14 January 2022
The Euphoria Effect: what we learned from the characters
To celebrate the second season of everyone’s favorite HBO show Euphoria, we decided it’s time for a deep dive into the psyche of the characters. It’s a show about deeply traumatized, complex teenagers – but what appeals to me personally is not the purple lighting, outfits, and not even the sensationalized storytelling. It’s the mere fact that each one of us can find a few - or many - of our own flaws, traits, and past mistakes in these characters. That, in turn, makes us understand and sympathize with them beyond the surface level. I believe that is precisely the reason the show resonates with so many people of different backgrounds, age groups, and identities – we’ve all been there, at one point or another. We’ve felt the feelings, we’ve broken the hearts, we’ve cried the tears. So, what have we learned from every character on Euphoria?
Rue: Love is not always the answer
Despite the main character’s countless attempts to get better, Rue keeps relapsing. Not out of the desire to have fun, not because she finds her lifestyle fun, but out of lack of healthy coping skills. Due to her challenging and traumatic family past, Rue simply didn’t get the nourishment and support she desperately needed growing up. So, she deals with her pain the only way she knows how – through substance abuse. Watching her complex plotline unfold we quickly realize that not even things deemed as The Most Important, like love and family, can cure addiction. Because the weight of Rue’s pain is heavier than the good things life has to offer. And that is something most people who struggle with their mental health can deeply, wholeheartedly relate to. Getting better is a great concept. But not always achievable.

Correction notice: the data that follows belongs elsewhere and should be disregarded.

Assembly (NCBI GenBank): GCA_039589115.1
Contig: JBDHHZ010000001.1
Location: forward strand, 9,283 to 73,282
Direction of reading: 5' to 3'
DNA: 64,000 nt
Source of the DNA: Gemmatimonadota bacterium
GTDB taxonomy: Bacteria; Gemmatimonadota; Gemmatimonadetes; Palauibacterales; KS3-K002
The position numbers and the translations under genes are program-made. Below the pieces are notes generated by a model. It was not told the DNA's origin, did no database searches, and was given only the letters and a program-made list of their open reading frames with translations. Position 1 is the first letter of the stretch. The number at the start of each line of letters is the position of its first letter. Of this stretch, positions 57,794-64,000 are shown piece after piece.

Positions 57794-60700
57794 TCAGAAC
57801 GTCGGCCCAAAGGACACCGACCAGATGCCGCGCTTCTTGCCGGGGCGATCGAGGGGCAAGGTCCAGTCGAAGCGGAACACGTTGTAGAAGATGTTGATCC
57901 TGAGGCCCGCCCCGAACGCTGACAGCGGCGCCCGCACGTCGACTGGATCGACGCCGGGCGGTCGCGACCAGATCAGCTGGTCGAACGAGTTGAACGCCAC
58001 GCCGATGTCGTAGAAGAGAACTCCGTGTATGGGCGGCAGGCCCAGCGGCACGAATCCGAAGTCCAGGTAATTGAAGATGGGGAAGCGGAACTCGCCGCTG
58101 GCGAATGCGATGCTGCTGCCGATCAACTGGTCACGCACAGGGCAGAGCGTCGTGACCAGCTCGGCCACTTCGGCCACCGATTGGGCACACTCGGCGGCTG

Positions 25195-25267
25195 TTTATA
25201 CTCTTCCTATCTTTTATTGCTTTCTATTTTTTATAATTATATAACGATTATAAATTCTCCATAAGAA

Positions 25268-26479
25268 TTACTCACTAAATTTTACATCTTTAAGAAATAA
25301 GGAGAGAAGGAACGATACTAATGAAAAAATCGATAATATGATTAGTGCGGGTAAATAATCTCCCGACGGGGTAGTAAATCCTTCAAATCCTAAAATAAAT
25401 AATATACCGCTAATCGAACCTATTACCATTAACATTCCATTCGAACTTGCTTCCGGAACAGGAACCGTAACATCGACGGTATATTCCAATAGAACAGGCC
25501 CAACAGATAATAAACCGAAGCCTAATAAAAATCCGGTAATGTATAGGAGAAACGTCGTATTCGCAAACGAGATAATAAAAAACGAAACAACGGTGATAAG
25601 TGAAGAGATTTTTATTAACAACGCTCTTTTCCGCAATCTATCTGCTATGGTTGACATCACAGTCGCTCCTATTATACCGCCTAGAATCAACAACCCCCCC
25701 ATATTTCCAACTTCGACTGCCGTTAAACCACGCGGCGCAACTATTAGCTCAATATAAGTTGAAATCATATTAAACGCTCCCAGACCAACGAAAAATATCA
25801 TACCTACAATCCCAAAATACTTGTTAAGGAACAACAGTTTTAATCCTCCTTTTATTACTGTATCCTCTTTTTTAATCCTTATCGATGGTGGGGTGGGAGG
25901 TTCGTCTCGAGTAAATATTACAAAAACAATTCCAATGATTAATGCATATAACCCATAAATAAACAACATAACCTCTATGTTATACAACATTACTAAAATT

“I just showed up one day without a map or a compass.”
Jules: Self-search with no destination
Jules is one of my personal favorites on the show. She’s bright, she’s intelligent, a little naïve, warm-hearted, and still has that spark-from-within, despite going through such difficult and painful adolescence. Jules once mentions that her goal as a transgender woman has always been to conquer femininity. And now that that’s done, she realizes that it was never about femininity in the first place. Nor was it about men or validation. She had to fight for the right to be herself her entire life - but it turns out, it doesn’t end there. The self-search has only begun. And all the dangerous encounters she put herself in, all the wrong people she got involved with only made it harder to look within and ask herself what it is she really needs. That’s where the confusion with her feelings and herself stems from. I think she’s a brilliant character with outstanding potential. And can we talk about that special episode therapy scene? It broke my heart.
- I fall in love so easily. I really do. It’s, like, almost embarrassing.
- Why do you think that is?
- Because half of every relationship is in my head.
Nate: Toxic masculinity gone too far
Probably the most complex character on the show. I’m kind of side-eyeing everyone that likes him (thankfully, the show isn’t trying to make him likable), but I also understand where his inexcusable behavior comes from. He experienced irreversible trauma as a child, and his perception of himself and the world got permanently warped in an instance. Nate is a completely closed-off, disconnected from his emotions and feelings person with not an ounce of empathy or love in his body. Understandably so – he doesn’t know how to experience those, let alone process them. His relationship with Maddy is worth mentioning too: he doesn’t want a girlfriend, he wants a possession. Something he can own and “protect” from the world. Because the world is dark, unsafe, and dangerous - and all the other things he perceives to be true. I would just like to take a moment and applaud Jacob Elordi for personifying every woman’s fear in a single character so eloquently and almost effortlessly – that is some brilliant acting there. Will the writers take his obsession with violence too far? Almost certainly.
Maddy: No, you can’t “fix” him